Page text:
Burke v. Pearson, No. 5:2009cv00217 - Document 11 (S.D. Miss. 2010)

Court Description: MEMORANDUM AND OPINION that the Court is without jurisdiction to consider the §2241 petition. The case will be dismissed with prejudice as to the jurisdictional issue only, and without prejudice regarding all other issues. Signed by Honorable David C. Bramlette, III on March 24, 2010. (LDA)
Download PDF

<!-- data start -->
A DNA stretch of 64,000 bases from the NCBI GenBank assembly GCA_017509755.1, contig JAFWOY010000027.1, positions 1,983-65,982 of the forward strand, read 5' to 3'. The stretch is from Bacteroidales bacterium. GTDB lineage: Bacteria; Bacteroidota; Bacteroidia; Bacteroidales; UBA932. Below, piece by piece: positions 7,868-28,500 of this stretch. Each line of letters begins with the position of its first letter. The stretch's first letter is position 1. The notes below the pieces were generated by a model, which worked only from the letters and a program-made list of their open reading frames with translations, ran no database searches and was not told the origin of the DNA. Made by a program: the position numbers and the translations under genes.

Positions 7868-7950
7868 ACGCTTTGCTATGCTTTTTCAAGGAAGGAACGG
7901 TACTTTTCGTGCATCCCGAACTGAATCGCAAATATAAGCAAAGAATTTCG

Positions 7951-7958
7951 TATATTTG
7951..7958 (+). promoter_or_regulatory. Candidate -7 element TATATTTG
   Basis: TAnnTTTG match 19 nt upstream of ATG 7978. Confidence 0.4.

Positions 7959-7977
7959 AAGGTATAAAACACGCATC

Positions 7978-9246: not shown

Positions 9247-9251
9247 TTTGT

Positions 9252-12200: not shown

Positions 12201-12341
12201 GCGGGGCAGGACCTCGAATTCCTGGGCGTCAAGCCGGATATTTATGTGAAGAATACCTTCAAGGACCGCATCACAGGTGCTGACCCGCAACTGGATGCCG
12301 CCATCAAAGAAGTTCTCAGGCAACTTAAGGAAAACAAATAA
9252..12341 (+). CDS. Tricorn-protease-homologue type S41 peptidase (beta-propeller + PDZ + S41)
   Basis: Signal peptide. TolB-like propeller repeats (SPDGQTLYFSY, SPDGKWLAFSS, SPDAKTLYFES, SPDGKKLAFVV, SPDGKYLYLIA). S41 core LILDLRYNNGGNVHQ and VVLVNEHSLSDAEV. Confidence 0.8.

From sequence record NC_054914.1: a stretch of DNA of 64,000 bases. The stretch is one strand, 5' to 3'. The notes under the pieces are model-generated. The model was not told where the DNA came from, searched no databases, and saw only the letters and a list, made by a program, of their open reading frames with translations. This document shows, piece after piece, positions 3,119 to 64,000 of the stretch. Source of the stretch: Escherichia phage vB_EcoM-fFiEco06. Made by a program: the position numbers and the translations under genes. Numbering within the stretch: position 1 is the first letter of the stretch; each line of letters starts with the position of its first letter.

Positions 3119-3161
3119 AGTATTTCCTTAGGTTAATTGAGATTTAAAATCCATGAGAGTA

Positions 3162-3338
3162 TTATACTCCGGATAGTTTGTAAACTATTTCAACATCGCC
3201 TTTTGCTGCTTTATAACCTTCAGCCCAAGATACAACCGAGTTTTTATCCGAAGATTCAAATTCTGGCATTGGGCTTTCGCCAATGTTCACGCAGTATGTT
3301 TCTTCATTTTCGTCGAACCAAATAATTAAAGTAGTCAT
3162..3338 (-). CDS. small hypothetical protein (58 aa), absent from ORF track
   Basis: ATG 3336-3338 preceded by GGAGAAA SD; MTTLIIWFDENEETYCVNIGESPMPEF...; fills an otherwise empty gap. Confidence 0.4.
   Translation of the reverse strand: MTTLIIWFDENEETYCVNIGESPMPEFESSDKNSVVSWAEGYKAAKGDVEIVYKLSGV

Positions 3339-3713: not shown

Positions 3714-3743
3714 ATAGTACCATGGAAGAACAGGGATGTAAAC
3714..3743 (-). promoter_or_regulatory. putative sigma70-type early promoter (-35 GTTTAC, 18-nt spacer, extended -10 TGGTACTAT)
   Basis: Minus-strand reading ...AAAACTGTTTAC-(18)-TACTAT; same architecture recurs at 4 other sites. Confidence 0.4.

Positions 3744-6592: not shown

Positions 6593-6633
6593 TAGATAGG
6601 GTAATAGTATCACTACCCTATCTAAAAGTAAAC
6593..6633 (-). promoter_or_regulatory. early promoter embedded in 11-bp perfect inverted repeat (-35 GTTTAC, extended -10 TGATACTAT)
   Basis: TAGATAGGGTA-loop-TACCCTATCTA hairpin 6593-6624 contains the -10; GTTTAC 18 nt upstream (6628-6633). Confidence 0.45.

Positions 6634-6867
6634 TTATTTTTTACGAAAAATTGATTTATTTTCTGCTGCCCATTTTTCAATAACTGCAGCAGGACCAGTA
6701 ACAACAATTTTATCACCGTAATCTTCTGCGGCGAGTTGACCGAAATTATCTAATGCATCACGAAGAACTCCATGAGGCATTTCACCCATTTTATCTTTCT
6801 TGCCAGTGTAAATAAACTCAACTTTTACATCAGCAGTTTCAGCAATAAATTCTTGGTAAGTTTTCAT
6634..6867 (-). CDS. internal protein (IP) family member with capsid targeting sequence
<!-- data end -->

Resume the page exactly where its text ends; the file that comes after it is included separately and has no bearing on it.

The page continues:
IN THE UNITED STATES DISTRICT COURT FOR THE SOUTHERN DISTRICT OF MISSISSIPPI WESTERN DIVISION STANLEY LAWRENCE BURKE, SR., #12058-021 VS. PETITIONER CIVIL ACTION NO. 5:09-cv-217-DCB-MTP BRUCE PEARSON, Warden RESPONDENT MEMORANDUM OPINION This cause is before the Court, sua sponte, for consideration of dismissal. Petitioner Burke, an inmate at the Federal Correctional Complex -Yazoo City, Mississippi, filed this Petition for Writ of Habeas Corpus pursuant to 28 U.S.C. § 2241, on December 23, 2009. Upon review of the Petition [1], Memorandum in Support [2], and Response [7] filed by Petitioner, this Court has reached the following conclusions. Background1 Petitioner pled guilty to and was convicted of conspiracy to defraud the government and bank fraud in the United States District Court for the Southern District of Georgia. On April 20, 2005, Petitioner was sentenced to serve: 27 months in the custody of the Bureau of Prisons, followed by a 3- year term of supervised release for the conspiracy conviction; and 27 months in the custody of the Bureau of Prisons, followed by a 5- year term of supervised release for the bank fraud conviction. Petitioner s sentences were ordered to run concurrently. Petitioner was released from confinement and began his period of supervised release on May 10, 2007. The sentencing court held a revocation hearing on January 27, 2009, resulting in the revocation of 1 Some of the background information was ascertained from the copy of Petitioner s appellate brief attached to the Memorandum in Support [2] filed with his Petition. petitioner' term of supervised release and imposition of a 24- month term of imprisonment (12 s months for each count to be served consecutively). The Court of Appeals for the Eleventh Circuit affirmed the revocation of petitioner' supervised release and resulting term of s imprisonment on September 15, 2009. United States v. Burke, No. 09-10788 (11th Cir. Sept. 15, 2009). In this habeas petition, Petitioner asserts complaints regarding the revocation of his supervised release. Petitioner claims that the sentencing court incorrectly revoked his supervised release based on: (1) plain error - a misunderstanding regarding the amount of times he failed to report to his probation officer; (2) ineffective assistance of counsel - because his attorney failed to object or correct the misunderstanding regarding his failure to report and because he failed to present Petitioner' depressed mental state at the revocation hearing; s (3) impaired presentation of defense - because his attorney failed to object to the district court' understanding of the testimony he was deprived of an available defense in s violation of his Due Process rights; and (4) unreasonable professional judgment - because his attorney failed to argue the relevance of his depressed mental state to his failure to meet the requirements of supervised release. Pet. [1], p. 4-5; Mem in Supp. [2], p. 6-14. As relief, Petitioner is requesting that this Court "issue an[ ] order to vacate," or "convert his sentence from consecutive to concurrent" or place Petitioner "back on probation," resulting in his immediate release from incarceration. Pet. [1], p. 5. Analysis A Petitioner may attack the manner in which his sentence is being executed in the district court with jurisdiction over his custodian pursuant to 28 U.S.C. § 2241. United States v. Cleto, 2 956 F.2d 83, 84 (5th Cir. 1992); See Pack v. Yusuff, 218 F.3d 448, 451 (5th Cir. 2000)(section 2241 petition on behalf of a sentenced prisoner attacks the manner in which a sentence is carried out or the prison authorities' determination of its duration). By contrast, a motion filed pursuant to 28 U.S.C. § 2255 "' provides the primary means of collateral attack on a federal sentence.' " Pack, 218 F.3d at 451 (quoting Cox v. Warden, 911 F.2d 1111, 1113 (5th Cir. 1990)). In Pack, the Fifth Circuit found that "[a] section 2241 petition that seeks to challenge the validity of a federal sentence must either be dismissed or construed as a section 2255 motion." Pack, 218 F.3d at 452. Clearly, Petitioner has filed the instant § 2241 petition challenging alleged errors that occurred during his federal sentencing based on the revocation of his supervised release by the Southern District of Georgia, which is not properly pursued in a § 2241 petition. Ojo v. INS, 106 F.3d 680, 683 (5th Cir. 1997)("section 2255, not section 2241, is the proper means of attacking errors that occurred during or before sentencing"). There is, however, a savings clause in § 2255 which acts as a limited exception to this general rule. The relevant portion of § 2255, with its savings clause provides, as follows: An application for a writ of habeas corpus in behalf of a prisoner who is authorized to apply for relief by motion pursuant to this section, shall not be entertained if it appears that the applicant has failed to apply for relief, by motion, to the court which sentenced him, or that such court has denied him relief, unless it also appears that the remedy by motion is inadequate or ineffective to test the legality of his detention. 28 U.S.C. § 2255 (emphasis added). Pursuant to this "savings clause," a federal court may consider a § 2241 petition that challenges a federally imposed sentence when the petitioner establishes that the remedy under § 2255 is inadequate or ineffective. Tolliver v. Dobre, 211 F.3d 876, 878 (5th Cir. 2000). 3 The Fifth Circuit, in providing guidance as to the factors that must be satisfied for a petitioner to meet the stringent "inadequate or ineffective" requirement, held the savings clause of § 2255 to apply to a claim "that is based on a retroactively applicable Supreme Court decision which establishes that the petitioner may have been convicted of a nonexistent offense" and that claim "was foreclosed by circuit law at the time when the claim should have been raised in the petitioner' trial, appeal, or first § 2255 motion." Reyes-Requena v. United States, 243 F.3d 893, s 904 (5th Cir. 2001). Petitioner Burke bears the burden of demonstrating that the § 2255 remedy is inadequate or ineffective to test the legality of his detention. Id. at 901. The Court has reviewed the above case law and applied a liberal construction to Petitioner s pleadings to determine that Petitioner has failed to satisfy the test for filing this petition under the savings clause of 28 U.S.C. § 2255. The Court observes that "[h]abeas corpus relief is extraordinary and ' reserved for transgressions of constitutional rights for a narrow is range of injuries that could not have been raised on direct appeal and would, if condoned, result in a complete miscarriage of justice.' Kinder v. Purdy, 222 F.3d 209, 213 (5th Cir. 2000)(citing " United States v. Vaughn, 955 F.2d 367, 368 (5th Cir. 1992)). Since Petitioner is challenging the validity of the revocation of his supervised release and resulting term of incarceration in the instant petition and since he fails to satisfy the requirements of the savings clause, this Court is without jurisdiction to consider the claims brought in this § 2241 petition. Because the Court has found that it lacks jurisdiction to consider this petition, this case will be dismissed. Conclusion For the reasons discussed in this Memorandum Opinion, the Court finds that it is without 4 jurisdiction to consider this § 2241 petition. Accordingly, this case is dismissed with prejudice as to the jurisdictional issue only, and without prejudice regarding all other issues. See Pack v. Yusuff, 218 F.3d 448, 454-55 (5th Cir. 2000). SO ORDERED, this the 24th day of March , 2010. s/David Bramlette UNITED STATES DISTRICT JUDGE 5